[td_block_51 cstm_author_id="Beth Faiman, CNP, PhD"]
In this edition, ASH Clinical News Associate Editor Beth Faiman, CNP, PhD, describes the role of shared decision-making in a patient-centered encounter.
Most people have heard about the topic of shared decision-making (SDM), when patients and providers discuss treatment options and mutual goals to arrive at the “best” treatment decision for the patient. SDM has been recognized as an important component of a patient-centered encounter, and numerous studies have highlighted the benefits of SDM across disease states, including improved treatment adherence, less patient decisional regret, and decreased health expenditures.1 The Centers for Medicare & Medicaid Services validated the importance of SDM in 2015, when it required the practice as a condition of reimbursement for lung cancer screening. Failure to document the SDM discussion can lead to denial of coverage of services. And in 2018, a revised Medicare coverage policy for implantable cardioverter-defibrillators mandated an SDM interaction be conducted and documented prior to implantation of the device for primary prevention of sudden cardiac death. In the era of high costs of services (such as chimeric antigen receptor T-cell therapy) and the potential decrease in health-related quality of life with cumulative treatments over time, are hematologists at risk for similar SDM mandates to ensure patients are fully aware of the trade-offs of therapy? What Does an SDM Encounter Look Like? Whether it is formally acknowledged or not, most hematology practitioners employ the principles of SDM in routine clinical practice. For example, many centers mandate that a patient and provider sign a consent form before starting intravenous chemotherapy. Obtaining consent in this way can be thought of as a first step to a complete SDM discussion. The health care provider could easily take the process further to make sure the patient and caregiver are fully informed and knowledgeable about potential side effects, patient burden (such as trips to the hospital, which often also affect the caregiver), or the need to take daily oral medications with potentially high out-of-pocket copays. There are several strategies to enact SDM in daily practice, but the easiest for me to adopt was the SHARE Approach, developed by the Agency for Healthcare Research and Quality (AHRQ). This comprehensive tool was designed to help health care providers have an SDM dialogue with patients about their potential treatment options and, ultimately, decide which best suits their treatment goals (FIGURE). Here is a three-step example of a successful SDM encounter in the real world:
- The physician or health care provider reviews treatment options with the patient, then tells the patient why one treatment is better than the other, based on his or her knowledge of research data, assumed patient preferences, and available treatments and clinical trials.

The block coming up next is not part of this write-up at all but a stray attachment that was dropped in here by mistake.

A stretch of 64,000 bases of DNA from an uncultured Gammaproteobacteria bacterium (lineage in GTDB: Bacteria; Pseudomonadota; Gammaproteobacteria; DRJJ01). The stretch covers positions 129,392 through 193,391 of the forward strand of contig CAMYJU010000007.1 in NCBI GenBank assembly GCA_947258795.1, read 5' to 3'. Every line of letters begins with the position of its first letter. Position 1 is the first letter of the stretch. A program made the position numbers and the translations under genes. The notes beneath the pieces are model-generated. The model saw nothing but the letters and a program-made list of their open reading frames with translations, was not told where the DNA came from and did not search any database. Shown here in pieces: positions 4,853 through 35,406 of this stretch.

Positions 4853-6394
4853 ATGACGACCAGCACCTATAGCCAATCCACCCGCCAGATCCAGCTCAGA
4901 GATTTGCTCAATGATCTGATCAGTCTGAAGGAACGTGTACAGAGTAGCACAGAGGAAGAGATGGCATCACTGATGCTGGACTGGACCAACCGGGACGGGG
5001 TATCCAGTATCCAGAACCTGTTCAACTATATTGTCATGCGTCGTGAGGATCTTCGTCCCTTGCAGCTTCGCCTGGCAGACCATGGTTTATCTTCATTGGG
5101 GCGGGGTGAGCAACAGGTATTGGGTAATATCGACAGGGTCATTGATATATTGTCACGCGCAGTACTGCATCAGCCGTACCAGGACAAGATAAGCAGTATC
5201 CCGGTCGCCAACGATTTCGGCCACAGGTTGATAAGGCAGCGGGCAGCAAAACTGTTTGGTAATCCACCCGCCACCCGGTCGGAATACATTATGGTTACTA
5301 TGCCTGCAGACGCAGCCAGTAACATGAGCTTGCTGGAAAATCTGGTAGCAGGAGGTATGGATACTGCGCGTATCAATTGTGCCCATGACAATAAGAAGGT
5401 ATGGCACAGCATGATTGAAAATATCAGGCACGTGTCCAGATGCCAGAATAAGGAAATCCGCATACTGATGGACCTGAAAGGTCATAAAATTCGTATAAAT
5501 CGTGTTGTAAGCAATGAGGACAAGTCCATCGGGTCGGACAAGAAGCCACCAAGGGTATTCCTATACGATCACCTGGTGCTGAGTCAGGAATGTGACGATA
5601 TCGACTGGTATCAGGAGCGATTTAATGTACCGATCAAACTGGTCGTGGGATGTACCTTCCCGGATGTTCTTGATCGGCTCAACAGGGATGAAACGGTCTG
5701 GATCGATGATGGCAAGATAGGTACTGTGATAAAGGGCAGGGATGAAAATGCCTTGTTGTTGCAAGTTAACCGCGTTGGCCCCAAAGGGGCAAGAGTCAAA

- The patient and/or caregiver becomes engaged in the discussion and asks appropriate questions. Is the health care provider’s recommendation based on efficacy? Safety? Or perhaps quality versus quantity of life? What are the risks/trade-offs with the more efficacious procedure?
- The patient and health care provider mutually agree to initiate treatment after a discussion of the risks, benefits, and alternatives to various treatments, often with a check-in to review the decision after the new treatment has started.
- Faiman B, Tariman JD. Shared Decision Making: Improving Patient Outcomes by Understanding the Benefits of and Barriers to Effective Communication. Clin J Oncol Nurs. 2019;23:540-2.
- van Balen EC, Krawczyk M, Gue D, et al. Patient-centred care in haemophilia: Patient perspectives on visualization and participation in decision-making. Haemophilia. 2019 September 17. [Epub ahead of print]
- Burkhalter JE, Aboulafia DM, Botello-Harbaum M, Lee JY. Participant characteristics and clinical trial decision-making factors in AIDS malignancy consortium treatment trials for HIV-infected persons with cancer (AMC #S006). HIV Clin Trials. 2018;19:235-41.
- Nejati B, Lin CC, Aaronson NK, et al. Determinants of satisfactory patient communication and shared decision making in patients with multiple myeloma. Psychooncology. 2019;28:1490-7.
- Rocque GB, Williams CP, Halilova KI, et al. Improving shared decision-making in chronic lymphocytic leukemia through multidisciplinary education. Transl Behav Med. 2018;8:175-82.
- Crawford R, Sully K, Conroy R, et al. Patient-centered insights on treatment decision making and living with acute myeloid leukemia and other hematologic cancers. Patient. 2019 August 28. [Epub ahead of print]
- Chari A, Romanus D, DasMahapatra P, et al. Patient-Reported Factors in Treatment Satisfaction in Patients with Relapsed/Refractory Multiple Myeloma (RRMM). The Oncologist. 2019 August 1. [Epub ahead of print]
- Seitzler S, Finley-Oliver E, Simonelli C, Baz R. Quality of life in multiple myeloma: considerations and recommendations. Exp Rev Hematol. 2019;12:419-24.